Posts Tagged Exploration
This week: appreciating the use of color and lighting in Monogatari Series Second Season, thoughts on the specific location of human settlement in Shingeki no Kyojin, how Sonora’s addition shifts the character dynamics of Stella Jogakuin Koutouka C3-bu, and ideas on how to improve upon the detective/mystery carousel which is Danganronpa.
This week: loving the scrutiny and struggle in Yura’s character in Stella Jogakuin Koutouka C3-bu, recognizing Sayomi’s contributions in Tamayura ~more aggressive~, thoughts on the father’s four attributes being divided among his sons in Uchouten Kazoku, and criticizing Genei wo Kakeru Taiyou for having a death, just for the sake of having a death.
Today marks the return of the 12 Days of Anime, the series of posts recounting and detailing the twelve greatest moments, influences or events of the year in regards to my anime/manga life. Over the next twelve days, ending on Christmas Day, I will have a special post documenting some exceptional and unforgettable thing that happened to me this year in hopes of sharing this cherished memory with you and adding a bit of personal touch that otherwise remains absent from this blog. Be sure to check out the other blogs participating in this tradition and enjoy the fun and celebrations.
In late 2011, my family was planning a vacation to Thailand, the first trip to Asia in my life. During the planning stages, I took the initiative to see if we or I could spend some time in Japan either heading in or going home. Since the Thailand portion of my trip was being paid for, I was informed that this excursion would need to be financed by myself but that I could leave a day early to fit it in. With these circumstances in place, the only chance at visiting Japan was a 22-hour period between arriving from Bangkok and departing to Seattle. It didn’t even take me a second to decide nor did I even look at the estimated bill; I leapt at the opportunity and this… this is my adventure:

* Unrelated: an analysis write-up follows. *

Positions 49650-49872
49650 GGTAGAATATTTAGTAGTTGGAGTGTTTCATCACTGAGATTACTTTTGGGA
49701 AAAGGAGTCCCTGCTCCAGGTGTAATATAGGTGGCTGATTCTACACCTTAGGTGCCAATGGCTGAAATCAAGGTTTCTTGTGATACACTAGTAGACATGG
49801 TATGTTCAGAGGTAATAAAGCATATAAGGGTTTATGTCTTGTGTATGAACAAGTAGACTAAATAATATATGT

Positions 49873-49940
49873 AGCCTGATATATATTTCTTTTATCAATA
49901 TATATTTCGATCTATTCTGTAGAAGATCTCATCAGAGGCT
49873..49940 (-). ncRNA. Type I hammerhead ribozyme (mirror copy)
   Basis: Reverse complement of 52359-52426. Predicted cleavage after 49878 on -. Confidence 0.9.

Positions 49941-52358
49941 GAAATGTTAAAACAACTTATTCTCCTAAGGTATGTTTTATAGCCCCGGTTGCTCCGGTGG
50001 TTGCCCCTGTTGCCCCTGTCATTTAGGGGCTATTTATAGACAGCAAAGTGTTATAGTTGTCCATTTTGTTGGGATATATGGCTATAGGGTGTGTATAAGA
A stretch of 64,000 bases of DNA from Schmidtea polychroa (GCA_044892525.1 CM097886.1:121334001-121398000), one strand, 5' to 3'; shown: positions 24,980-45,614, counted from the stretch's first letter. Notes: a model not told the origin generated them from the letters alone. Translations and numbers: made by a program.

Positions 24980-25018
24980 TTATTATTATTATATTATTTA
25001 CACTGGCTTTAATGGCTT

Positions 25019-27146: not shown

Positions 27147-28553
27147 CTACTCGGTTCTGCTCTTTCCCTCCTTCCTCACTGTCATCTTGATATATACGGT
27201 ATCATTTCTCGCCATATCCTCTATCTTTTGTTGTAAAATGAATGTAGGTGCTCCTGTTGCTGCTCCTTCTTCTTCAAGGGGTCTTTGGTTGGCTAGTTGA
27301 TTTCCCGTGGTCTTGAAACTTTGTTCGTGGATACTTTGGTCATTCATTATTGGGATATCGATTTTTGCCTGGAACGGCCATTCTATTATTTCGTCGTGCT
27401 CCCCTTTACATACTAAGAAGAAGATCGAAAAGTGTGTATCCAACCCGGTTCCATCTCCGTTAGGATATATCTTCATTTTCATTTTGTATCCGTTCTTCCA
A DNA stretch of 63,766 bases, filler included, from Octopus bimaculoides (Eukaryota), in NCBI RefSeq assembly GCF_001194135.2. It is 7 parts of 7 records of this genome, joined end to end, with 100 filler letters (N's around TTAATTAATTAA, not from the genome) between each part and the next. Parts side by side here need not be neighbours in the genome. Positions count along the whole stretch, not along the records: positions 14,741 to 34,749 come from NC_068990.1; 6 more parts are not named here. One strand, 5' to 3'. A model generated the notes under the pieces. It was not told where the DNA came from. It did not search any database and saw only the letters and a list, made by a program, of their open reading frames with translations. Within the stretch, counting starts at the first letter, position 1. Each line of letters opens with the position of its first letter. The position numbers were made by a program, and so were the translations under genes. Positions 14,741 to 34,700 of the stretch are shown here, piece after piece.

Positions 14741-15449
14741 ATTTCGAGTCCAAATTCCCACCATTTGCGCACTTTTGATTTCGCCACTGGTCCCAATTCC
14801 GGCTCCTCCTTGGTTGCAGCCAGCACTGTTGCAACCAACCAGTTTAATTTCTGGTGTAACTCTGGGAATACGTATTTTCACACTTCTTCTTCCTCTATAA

The setting of an anime is visually expressed through the various architectures and environments. Magi has featured a number of diverse physical settings thus far and has done well communicating these to us through its use of dazzling and detailed backgrounds and sceneries.
Well, isn’t it obvious? What Akiho is doing is much more than just building a giant robot; no, what she is trying to do is something that no mere normal robot can do. Her goal isn’t limited to just constructing a walking steel behemoth but to manifest her hopes and dreams into a living symbol of inspiration, aspiration and astonishment. It is in these giant robots that we find much more than just metal, wires, and plasma weapons with infinite ammo. No, these giant robots serve as a beacon of hope, an ambassador of our dreams, and reflection of how we always strive, or should always strive, for greatness and glory. It is this that makes giant robots more than just giant robots. That and they do look pretty damn awesome. So yes, to answer your question Ms. Vice Principal, it really does have to be a giant robot.